#1
so im really thinking about getting a 1x12 tube combo like a mesa mark , oranger rocker etc ..

i just wanna clear something .. after reading this on another forum .. im very sceptical

quote :

"Combos tend to shake themselves apart, especially high-wattage combos. All of the vibrations get transferred from the speakers and chassis into the guts of the amp. Combos are generally pretty rattly.

A head/cabinet setup decouples the chassis from the electronics and you'll tend to get less long-term damage from prolonged high-power playing. So you'll get fewer rattles and odd noises. And if any of your tubes become slightly microphonic, less of the vibrations from the cabinet get picked up.
"


now im the guy who buy thing that gonna last long . so i would like my combo to follow me for years ... from home practice to rehearsal and small gig .. and if possible via micing ... bigger venue ( if that happen ) .


i dont wanna debate half stack vs combo again ... but that statement made me think about my future amp . just wanted to clarified thing up .

anyone have use a high wattage combo like 60 or 100 watt 1x12 or 2x12 .. does it rattle a lot ???
Bedroom rock star :

- Gibson Les paul Standard 2001 Honeyburst .
- Agile 3200 Slim
#2
If it is a good quality, reliable amp, you'll be fine. I have never heard of one instance of an amp just falling apart due to sonic dis-assembly.
Gibson Les Paul Studio
Highway One Telecaster
Dean Evo
Mesa F-50
Laney GH50L
Vox AC30 C2
Ampeg V2
pedals
#3
Quote by Skysc
so im really thinking about getting a 1x12 tube combo like a mesa mark , oranger rocker etc ..

i just wanna clear something .. after reading this on another forum .. im very sceptical

quote :

"Combos tend to shake themselves apart, especially high-wattage combos. All of the vibrations get transferred from the speakers and chassis into the guts of the amp. Combos are generally pretty rattly.

A head/cabinet setup decouples the chassis from the electronics and you'll tend to get less long-term damage from prolonged high-power playing. So you'll get fewer rattles and odd noises. And if any of your tubes become slightly microphonic, less of the vibrations from the cabinet get picked up.
"


now im the guy who buy thing that gonna last long . so i would like my combo to follow me for years ... from home practice to rehearsal and small gig .. and if possible via micing ... bigger venue ( if that happen ) .


i dont wanna debate half stack vs combo again ... but that statement made me think about my future amp . just wanted to clarified thing up .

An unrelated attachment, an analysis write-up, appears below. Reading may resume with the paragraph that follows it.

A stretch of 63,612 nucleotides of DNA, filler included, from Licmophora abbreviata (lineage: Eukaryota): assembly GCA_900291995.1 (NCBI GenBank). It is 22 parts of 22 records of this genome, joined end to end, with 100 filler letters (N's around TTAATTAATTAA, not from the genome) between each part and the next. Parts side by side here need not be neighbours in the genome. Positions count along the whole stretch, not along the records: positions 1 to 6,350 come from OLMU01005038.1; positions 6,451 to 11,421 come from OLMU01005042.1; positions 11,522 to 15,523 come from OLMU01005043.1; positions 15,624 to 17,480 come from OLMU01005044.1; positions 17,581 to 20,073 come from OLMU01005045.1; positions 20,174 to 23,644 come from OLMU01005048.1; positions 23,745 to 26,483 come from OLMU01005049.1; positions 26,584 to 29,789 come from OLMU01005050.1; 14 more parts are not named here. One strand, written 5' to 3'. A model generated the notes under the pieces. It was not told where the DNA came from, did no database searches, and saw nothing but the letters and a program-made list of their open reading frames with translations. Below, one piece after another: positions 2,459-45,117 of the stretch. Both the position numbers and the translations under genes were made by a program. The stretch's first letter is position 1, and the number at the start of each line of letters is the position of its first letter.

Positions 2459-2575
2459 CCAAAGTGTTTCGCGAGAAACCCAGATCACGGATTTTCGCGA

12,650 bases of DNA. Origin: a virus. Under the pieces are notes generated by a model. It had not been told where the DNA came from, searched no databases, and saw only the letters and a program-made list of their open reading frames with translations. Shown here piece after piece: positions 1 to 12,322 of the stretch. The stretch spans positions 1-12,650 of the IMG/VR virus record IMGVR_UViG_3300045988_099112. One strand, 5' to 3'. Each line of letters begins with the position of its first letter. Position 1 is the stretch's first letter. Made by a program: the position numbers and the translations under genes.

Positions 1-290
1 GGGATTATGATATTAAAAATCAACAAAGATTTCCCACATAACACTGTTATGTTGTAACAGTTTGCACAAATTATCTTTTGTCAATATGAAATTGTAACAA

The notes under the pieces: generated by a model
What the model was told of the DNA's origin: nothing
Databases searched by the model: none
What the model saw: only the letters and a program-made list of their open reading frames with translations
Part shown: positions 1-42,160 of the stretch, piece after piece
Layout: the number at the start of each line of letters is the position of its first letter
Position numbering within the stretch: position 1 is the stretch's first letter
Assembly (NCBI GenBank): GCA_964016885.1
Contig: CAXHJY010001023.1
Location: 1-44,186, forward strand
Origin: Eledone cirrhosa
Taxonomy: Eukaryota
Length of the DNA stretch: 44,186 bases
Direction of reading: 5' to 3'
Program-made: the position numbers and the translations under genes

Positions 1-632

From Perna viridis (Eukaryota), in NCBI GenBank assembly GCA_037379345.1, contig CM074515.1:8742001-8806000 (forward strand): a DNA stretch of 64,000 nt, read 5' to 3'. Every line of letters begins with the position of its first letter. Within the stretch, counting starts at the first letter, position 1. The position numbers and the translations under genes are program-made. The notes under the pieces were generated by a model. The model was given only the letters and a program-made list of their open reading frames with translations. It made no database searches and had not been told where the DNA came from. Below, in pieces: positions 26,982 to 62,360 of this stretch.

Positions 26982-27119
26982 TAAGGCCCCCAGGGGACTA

anyone have use a high wattage combo like 60 or 100 watt 1x12 or 2x12 .. does it rattle a lot ???


Bollocks... altho the tubes do tend to have a slightly shorter lifespan.

However... tube combos don't shake up like a bamboo in an earthquake
Quote by Blompcube
it's so cool to hate Gibson, even the federal Department of Justice hates them.

( )( )
( . .) This is Bunny. Copy and paste Bunny into your
C('')('') signature to help him gain world domination.
#4
ok

so about the rattling ... the construction quality of the cab has something to do also ???

if you get a 300 $ combo ... chance are the quality of the wood and isolation of the cab wont be as good as a 1200 $ combo like mesa , orange , engl etc.. ???
Bedroom rock star :

- Gibson Les paul Standard 2001 Honeyburst .
- Agile 3200 Slim
Last edited by Skysc at Nov 18, 2009,
#5
Don't worry, there are a good number of decent combos out there for $300. Answer these:

Style of music:
Budget:
Willing to go used:
Where are you located:
Current gear:
Gibson Les Paul Studio
Highway One Telecaster
Dean Evo
Mesa F-50
Laney GH50L
Vox AC30 C2
Ampeg V2
pedals
#6
I wouldn't sweat it.. yeah, I've had to tighten things on combos I've gotten that were 20 years old, but you'd expect that on anything that old.

And besides, a head/cab setup wouldn't truly "decouple" from vibrations unless you had the head sitting away from the cab as opposed to on top of it, which most people don't do.
#7
I find that heavier combos don't rattle... at all.

The lighter combos are more prone to rattling, but if it's well built, it won't fall apart.

Most of the rattle is "tube rattle," which can be fixed by adding a cage around them. I've really only seen these for Peavey Classic series amps... but I'm sure they're out there for other amps. However, I had a Classic 30... it didn't rattle at all, even with the volume dimed

With an amp like a Mesa or Orange Rocker... you'll be fine.
Quote by Dave_Mc
I've had tube amps for a while now, but never actually had any go down on me
Quote by jj1565
maybe you're not saying the right things? an amp likes to know you care.





www.SanctityStudios.com